Nick Collins Released: What Does That Mean for the Green Bay Packers?

Matt SteinCorrespondent IIApril 25, 2012

CHARLOTTE, NC - SEPTEMBER 18:  Play is stoped as Nick Collins #36 of the Green Bay Packers is injured against the Carolina Panthers during their game at Bank of America Stadium on September 18, 2011 in Charlotte, North Carolina.  (Photo by Streeter Lecka/Getty Images)
Streeter Lecka/Getty Images

According to Jason Wilde of ESPN Milwaukee, the Green Bay Packers have informed Nick Collins that he'll be released. This news comes months after Collins sustained a brutal neck injury during the 2011 season that caused him to miss the final 14 games of the Packers season.

Collins was easily one of the best defensive players on the Packers roster, and also one of the better safeties in the entire league prior to his injury. He was voted to three straight Pro Bowls and All-Pro teams prior to the 2011 season.

So, what does this exactly mean for Green Bay and Collins?

For starters, it means that the Packers clearly don't feel that Collins is healthy enough to play, and they aren't comfortable putting him in a position that could cause him harm. We know just how much head coach Mike McCarthy loves Collins, and his statements about what he'd do if Collins was his son were truly heartwarming.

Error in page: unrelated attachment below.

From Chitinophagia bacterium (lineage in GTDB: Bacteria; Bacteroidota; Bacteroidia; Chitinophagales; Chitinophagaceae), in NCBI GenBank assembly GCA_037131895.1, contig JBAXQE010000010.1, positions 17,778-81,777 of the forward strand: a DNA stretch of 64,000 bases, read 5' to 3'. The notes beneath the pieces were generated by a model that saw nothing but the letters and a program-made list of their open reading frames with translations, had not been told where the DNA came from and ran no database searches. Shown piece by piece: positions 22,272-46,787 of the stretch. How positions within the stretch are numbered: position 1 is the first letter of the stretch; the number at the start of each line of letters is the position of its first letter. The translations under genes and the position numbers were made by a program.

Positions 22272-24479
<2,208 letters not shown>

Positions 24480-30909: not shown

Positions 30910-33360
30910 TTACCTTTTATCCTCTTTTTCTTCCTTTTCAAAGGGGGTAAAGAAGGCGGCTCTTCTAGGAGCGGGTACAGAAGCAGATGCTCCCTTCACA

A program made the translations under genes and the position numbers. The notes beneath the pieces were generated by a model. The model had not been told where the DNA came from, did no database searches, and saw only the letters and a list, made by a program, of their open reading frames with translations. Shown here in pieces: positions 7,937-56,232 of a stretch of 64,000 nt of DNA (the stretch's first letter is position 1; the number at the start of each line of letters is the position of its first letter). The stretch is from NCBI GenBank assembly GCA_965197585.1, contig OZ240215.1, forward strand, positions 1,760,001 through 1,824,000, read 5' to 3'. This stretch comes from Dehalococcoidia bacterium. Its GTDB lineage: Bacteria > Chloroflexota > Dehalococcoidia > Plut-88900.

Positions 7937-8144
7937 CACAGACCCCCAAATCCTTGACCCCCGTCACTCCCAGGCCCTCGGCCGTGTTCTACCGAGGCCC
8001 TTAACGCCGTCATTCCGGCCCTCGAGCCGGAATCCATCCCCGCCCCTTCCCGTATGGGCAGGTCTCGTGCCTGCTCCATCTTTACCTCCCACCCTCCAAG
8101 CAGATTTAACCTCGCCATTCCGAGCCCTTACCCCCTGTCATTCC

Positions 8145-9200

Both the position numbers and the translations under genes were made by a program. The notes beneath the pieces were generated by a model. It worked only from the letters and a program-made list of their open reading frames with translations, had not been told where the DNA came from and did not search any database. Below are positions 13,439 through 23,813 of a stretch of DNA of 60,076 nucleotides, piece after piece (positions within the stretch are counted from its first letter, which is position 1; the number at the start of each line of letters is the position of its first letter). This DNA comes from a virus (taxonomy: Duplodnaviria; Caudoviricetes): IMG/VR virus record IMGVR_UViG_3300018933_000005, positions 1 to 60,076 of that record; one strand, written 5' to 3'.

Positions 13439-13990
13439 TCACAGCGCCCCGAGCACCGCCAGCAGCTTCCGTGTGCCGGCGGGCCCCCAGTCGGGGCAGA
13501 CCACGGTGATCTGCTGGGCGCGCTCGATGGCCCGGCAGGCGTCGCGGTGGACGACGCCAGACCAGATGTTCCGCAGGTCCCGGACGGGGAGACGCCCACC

As for the future for Green Bay, they'll likely look to address the safety position in the 2012 NFL draft that starts tomorrow evening. Whether safety becomes a bigger and more pressing need than outside linebacker for the first round is definitely a question worth asking.

The issue for the Packers may be the lack of overall talent at free safety in this year's draft. Other than Markelle Martin for Oklahoma State, there aren't many prospects who would be ready to make an impact early in their career. Even Martin will take some time to learn the professional game.

One option would be to move Morgan Burnett from strong safety to free safety, and draft a strong safety to cover for Burnett. This move makes quite a bit of sense considering the ability that Burnett has at making plays on the ball.

Another option would be to stick with the combination of Jarrett Bush, Charlie Peprah and M.D. Jennings at free safety and keep Burnett at strong safety. To be honest, this option is a scary one for the Packers. Their secondary was torn apart last year by opposing offenses, and neither Bush or Peprah were able to make much of an impact.

Whatever happens in the upcoming days, one thing we can be completely certain about is that Collins will be greatly missed in Green Bay. I can guarantee that there isn't one person out there who won't wish Collins the absolute best for his future.